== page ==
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First Time -Cajun Snoked Chicken

post #1 of 4
Thread Starter 
I'm on my second MES -- the first was the basic "black box," and for about seven months have the 30-inch model with glass in the door, control panel mounted top-back, and remote control. I've used both quite extensively, smokin turkey, Boston Butt, pork spare ribs (lots and lots of spare ribs), prime rib, beef roasts, tenderloin... even potatoes of all varieties and corn-on-the-cob.

Thanks to our local butcher who, it seems monthly, has a sale of ten pounds, each, of 80/20 ground sirloin and boneless, skinless chicken breasts, I've got an abundance of bs chicken on hand, which I've always been leery of smoking for fear of drying out. But today, for the first time, I'm doing some, following the recipe I found, exactly.

I'll let you know how they turned out.

From "Dadgum That's Good, Too", page 67

6 large boneless, skinless chicken breasts
6 Tbl. extra-virgin olive oil
6 Tbl. red wine vinegar
1 1/2 Tbl. cajun seasoning, divided
1 Tbl. Jane's Krazy Mixed-Up Salt
1 large sweet onion, sliced
3 Tbl. liquid shrimp boil

Pierce each chicken breast on both sides with a fork. Drizzle both sides well with olive oil and red wine vinegar. Sprinkle each breast with 1/2 Tbl. of cajun seasoning. Place chicken in a 1-gallon resealable plastic bag overnight (or for at least 4 hours) in refrigerator. Remove from refrigerator and sprinkle with Krazy Salt and remaining cajun seasoning.

Fill water pan 2/3s full with water, add onion slices and liquid shrimp boil. Pre-heat smoker to 225 degrees. Place chicken on lower rack of smoker and smoke for 45 minutes per pound, or until internal temperature reaches 165 degrees. Remove and serve whole, or slice in strips and serve.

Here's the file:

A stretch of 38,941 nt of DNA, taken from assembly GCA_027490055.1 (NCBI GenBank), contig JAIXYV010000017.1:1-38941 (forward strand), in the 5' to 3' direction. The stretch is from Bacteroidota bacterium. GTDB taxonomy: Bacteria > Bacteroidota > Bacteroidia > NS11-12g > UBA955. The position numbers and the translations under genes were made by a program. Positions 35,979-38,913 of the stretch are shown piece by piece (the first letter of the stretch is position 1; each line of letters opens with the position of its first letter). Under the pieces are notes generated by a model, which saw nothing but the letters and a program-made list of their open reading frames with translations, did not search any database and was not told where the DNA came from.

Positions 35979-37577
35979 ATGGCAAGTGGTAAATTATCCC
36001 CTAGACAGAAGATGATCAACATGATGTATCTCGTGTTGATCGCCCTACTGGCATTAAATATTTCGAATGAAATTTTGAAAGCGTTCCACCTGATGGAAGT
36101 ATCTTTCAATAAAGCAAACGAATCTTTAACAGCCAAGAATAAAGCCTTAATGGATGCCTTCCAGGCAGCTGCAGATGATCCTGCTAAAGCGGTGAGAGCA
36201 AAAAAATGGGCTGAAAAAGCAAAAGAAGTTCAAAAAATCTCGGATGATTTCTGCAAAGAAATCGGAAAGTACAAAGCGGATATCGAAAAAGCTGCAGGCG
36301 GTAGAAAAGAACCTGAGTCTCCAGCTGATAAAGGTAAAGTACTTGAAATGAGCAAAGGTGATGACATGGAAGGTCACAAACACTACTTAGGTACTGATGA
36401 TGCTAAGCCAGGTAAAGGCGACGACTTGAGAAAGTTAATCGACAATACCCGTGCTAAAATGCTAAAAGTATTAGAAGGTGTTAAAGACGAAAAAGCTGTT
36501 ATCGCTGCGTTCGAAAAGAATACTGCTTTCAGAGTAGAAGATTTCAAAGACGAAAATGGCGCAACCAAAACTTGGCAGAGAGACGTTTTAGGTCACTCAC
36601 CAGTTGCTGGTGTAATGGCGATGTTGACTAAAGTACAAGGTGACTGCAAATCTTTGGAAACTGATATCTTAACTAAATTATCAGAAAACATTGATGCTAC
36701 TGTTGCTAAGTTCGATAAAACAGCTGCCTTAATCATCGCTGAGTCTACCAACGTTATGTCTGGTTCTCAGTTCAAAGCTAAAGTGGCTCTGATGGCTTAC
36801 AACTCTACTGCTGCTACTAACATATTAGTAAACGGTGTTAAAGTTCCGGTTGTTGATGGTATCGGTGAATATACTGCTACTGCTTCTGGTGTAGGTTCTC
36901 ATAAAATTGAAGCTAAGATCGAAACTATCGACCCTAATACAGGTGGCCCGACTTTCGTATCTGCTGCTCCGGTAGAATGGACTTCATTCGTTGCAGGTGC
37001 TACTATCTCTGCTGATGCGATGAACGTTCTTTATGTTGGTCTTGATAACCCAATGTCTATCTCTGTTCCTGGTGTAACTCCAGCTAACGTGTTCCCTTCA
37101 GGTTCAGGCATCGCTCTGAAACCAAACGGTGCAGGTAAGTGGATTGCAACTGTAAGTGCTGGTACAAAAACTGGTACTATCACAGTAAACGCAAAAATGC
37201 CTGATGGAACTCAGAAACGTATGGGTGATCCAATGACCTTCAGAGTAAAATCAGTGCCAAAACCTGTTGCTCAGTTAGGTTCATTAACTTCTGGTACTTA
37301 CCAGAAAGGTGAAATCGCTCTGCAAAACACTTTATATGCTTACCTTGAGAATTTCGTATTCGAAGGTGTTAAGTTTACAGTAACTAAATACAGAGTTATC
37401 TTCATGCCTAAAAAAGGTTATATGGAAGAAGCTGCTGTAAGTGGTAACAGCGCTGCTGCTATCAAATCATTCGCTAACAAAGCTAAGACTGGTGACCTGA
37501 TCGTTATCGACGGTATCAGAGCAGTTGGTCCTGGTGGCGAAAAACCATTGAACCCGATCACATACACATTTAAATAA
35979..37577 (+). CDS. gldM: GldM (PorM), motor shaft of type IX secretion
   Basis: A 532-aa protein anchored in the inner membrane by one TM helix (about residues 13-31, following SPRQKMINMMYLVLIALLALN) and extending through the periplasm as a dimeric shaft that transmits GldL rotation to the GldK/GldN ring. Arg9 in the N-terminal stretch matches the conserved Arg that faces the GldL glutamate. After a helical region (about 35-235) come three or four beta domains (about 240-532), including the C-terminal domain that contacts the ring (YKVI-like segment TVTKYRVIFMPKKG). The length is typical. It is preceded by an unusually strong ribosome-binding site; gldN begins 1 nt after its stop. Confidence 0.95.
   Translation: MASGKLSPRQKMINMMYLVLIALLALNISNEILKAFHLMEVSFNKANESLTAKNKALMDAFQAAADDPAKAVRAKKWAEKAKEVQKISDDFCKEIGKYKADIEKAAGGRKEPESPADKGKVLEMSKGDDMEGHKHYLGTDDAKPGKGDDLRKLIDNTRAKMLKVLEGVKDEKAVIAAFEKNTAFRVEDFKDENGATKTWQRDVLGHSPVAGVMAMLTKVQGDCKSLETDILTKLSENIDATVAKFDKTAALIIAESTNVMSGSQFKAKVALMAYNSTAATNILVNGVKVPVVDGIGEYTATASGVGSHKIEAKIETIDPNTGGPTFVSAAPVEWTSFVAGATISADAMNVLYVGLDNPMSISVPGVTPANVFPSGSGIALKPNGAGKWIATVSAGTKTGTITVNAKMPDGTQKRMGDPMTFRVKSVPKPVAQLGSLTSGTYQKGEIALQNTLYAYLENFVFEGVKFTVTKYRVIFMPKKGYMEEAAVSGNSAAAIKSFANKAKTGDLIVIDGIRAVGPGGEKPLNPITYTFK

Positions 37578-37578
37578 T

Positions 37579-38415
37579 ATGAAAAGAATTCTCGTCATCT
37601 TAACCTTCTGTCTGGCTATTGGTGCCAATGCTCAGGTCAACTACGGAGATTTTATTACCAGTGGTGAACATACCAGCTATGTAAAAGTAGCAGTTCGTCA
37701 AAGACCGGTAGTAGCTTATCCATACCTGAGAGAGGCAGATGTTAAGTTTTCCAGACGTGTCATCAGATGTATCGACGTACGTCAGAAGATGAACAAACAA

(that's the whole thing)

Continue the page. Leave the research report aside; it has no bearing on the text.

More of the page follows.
Suggested wood:

Leaving chicken breasts skinless allows the smoky flavor to penetrate the meat more easily, but you will notice that the outside of the breasts take on a dark brown, tough appearance. Don't let appearances fool you. When you slice into these chicken breasts, you will find them moist and flavorful. Timing on boneless breasts is more critical than chicken with the bone-in (or dark meat), so make sure you watch the time and monitor the internal temperature.

Eric Payne
Lawrenceville, GA
post #2 of 4
Sounds Good!
post #3 of 4

Sounds good. Looking forward to hearing and seeing how they came out.


post #4 of 4
Thread Starter 
Un fortunately, I didn't take any pictures, and the reason I didn't take the photos is I thought the end-result looked like crap.

Don,t get me wrong, the breasts had a nice color to them. But just as the "Note" in the recipe warned, they appeared to be tough, leathery and very, very dry. Even as I placed them on our dinner plates -- with some red beans and rice and a mixture of steamed cauliflower and broccoli -- I knew all the time spent making dinner was going to be wasted time; the chicken was going to be nibbled, then passed over.

And then, we cut into them and took a bite.

The very outside of the breast was "tough and leathery'" but it was that baked-on spicing that kept the meat juicy and, when chewed, the juicyness of the interior softened the "leather" of the very outside of the breast, giving the flavors of the cajun spicing in every bite. The meat, itself, had a sweet smoky flavor throughout. I'm guessing that hint of sweetness was the result of the sweet onion and shrimp boil in the steam pan, as the chicken cooked on the lowest rack, sitting just above the pan. Now, I have a problem for Monday's dinner. I was going to cube the two leftover breasts and toss then in to a carbonarra sauce with some pasta, but the "too good" smoky flavor is going to clash too badly with that sauce.

And, unfortunately, my MES suddenly appears to be "off" in its temperatures. To get to, and maintain, 225-degrees in the box, I had to set controls for 250. While the MES temperature probe was saying 162-degrees, another meat thermometer said the chicken was 168, and (at least 3 times) my remote control's screen just, suddenly, went dark.

Eric Payne
Lawrenceville, GA
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